Ara and I just installed a new piece of greenhouse film on our nursery tunnel. The old film blew off in a storm last winter.

When we moved to our property, it was this tunnel’s third time to be constructed. It was originally built when were at our first rented plot. It had solid wood bottom boards and hip boards, roll up sides made with metal pipe and ropes to hold the sides from blowing in the wind.

Feb. 2017

We grew microgreens on a shelf hanging from the ridge pole.

Then we had to disassemble and rebuild it at our second rented plot. It went back together mostly the same, though it was tricky to get some things to line up and I had to drill some new holes in spots for the boards.

Dec. 2017

Then we moved to our current place, and almost nothing lined up after I rebuilt the metal frame. There are holes in the hoops and posts for the boards to bolt on and instead of drilling another set of new holes to make it line up, I left them off.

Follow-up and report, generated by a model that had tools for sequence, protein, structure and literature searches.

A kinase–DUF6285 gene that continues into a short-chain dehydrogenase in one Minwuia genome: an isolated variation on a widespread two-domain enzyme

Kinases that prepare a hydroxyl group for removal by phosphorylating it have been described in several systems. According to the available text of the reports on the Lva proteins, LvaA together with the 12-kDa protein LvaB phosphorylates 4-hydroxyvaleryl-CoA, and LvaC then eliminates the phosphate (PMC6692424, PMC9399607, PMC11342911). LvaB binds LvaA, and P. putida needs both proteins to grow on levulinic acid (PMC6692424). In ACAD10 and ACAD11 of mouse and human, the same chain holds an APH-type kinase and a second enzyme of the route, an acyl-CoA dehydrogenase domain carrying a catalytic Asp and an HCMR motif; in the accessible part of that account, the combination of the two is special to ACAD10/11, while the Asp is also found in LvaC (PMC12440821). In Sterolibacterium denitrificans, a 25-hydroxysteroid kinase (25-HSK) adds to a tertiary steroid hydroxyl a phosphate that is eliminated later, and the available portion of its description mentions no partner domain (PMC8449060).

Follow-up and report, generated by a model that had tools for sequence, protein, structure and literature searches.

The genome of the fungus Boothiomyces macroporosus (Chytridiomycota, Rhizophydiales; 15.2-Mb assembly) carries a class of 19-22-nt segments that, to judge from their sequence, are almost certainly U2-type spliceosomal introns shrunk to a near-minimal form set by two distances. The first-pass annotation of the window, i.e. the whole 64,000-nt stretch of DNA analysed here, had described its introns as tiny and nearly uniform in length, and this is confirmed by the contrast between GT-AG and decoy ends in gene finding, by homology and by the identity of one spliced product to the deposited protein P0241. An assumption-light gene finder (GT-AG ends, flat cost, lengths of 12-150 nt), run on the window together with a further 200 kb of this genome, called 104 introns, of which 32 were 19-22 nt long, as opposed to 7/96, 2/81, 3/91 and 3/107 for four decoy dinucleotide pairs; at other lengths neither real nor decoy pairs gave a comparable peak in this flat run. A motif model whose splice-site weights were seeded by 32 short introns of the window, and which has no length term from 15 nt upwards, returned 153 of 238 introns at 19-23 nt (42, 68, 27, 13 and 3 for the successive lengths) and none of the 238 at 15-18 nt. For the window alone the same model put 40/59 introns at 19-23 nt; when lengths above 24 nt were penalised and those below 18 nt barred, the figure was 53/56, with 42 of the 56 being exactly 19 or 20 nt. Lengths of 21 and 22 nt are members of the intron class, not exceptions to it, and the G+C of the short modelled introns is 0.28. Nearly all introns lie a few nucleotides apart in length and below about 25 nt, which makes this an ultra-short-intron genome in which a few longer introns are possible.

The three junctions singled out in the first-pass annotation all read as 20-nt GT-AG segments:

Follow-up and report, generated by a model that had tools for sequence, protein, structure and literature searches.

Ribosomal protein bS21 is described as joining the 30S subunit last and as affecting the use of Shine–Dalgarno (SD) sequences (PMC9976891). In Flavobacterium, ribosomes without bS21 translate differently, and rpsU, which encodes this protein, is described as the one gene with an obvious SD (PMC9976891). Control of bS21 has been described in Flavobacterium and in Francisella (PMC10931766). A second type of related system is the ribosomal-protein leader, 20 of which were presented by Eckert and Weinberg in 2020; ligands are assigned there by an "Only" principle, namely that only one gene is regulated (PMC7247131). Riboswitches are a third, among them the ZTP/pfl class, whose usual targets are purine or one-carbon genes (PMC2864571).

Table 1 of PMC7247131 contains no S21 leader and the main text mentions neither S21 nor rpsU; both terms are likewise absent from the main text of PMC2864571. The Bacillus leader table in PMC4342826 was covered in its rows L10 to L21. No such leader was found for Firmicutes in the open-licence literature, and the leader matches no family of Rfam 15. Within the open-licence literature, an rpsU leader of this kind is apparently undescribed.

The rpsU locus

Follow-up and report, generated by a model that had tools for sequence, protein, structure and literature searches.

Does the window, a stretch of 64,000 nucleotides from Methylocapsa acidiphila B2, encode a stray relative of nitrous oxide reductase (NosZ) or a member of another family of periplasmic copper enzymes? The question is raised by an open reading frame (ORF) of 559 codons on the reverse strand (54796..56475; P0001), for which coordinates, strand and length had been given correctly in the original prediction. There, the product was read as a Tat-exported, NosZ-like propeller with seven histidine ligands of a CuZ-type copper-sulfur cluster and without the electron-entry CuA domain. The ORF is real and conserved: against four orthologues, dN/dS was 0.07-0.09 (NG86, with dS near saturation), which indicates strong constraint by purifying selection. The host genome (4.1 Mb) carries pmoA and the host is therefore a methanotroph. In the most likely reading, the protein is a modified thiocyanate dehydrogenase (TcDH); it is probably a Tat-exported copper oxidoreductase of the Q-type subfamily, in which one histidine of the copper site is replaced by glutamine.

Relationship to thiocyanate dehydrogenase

I also used some old farm gates from the horse paddocks that were here as my greenhouse benches, they work great!

April 2023

It was always a bit loose after the third build since I didn’t have the side boards on the hoops. Over winter, a storm ripped the plastic off. I chose to rebuild it a simpler way this time, utilizing some techniques from our caterpillar tunnels.

The result is fully functional, much simpler, uses less materials and can also be opened up more for ventilation. And it was expedient, only taking a few hours to get it restored!

Instead of using solid hip and base boards, I used shorter J bolts in the holes of the ground posts and leftover rope from our other tunnels. The two runs of rope are thrown over the tunnel back and forth and hooked into the J bolts.

The rope prevents the plastic from billowing in the wind.

It still has the original channel lock on the end bows to hold the plastic. I used a few side curtain hooks on bows 3 & 5 for holding up the plastic for ventilation.

We got it covered again just in time for all the rain.

This is where we grow microgreens and transplants for our CSA, it’s solar powered!

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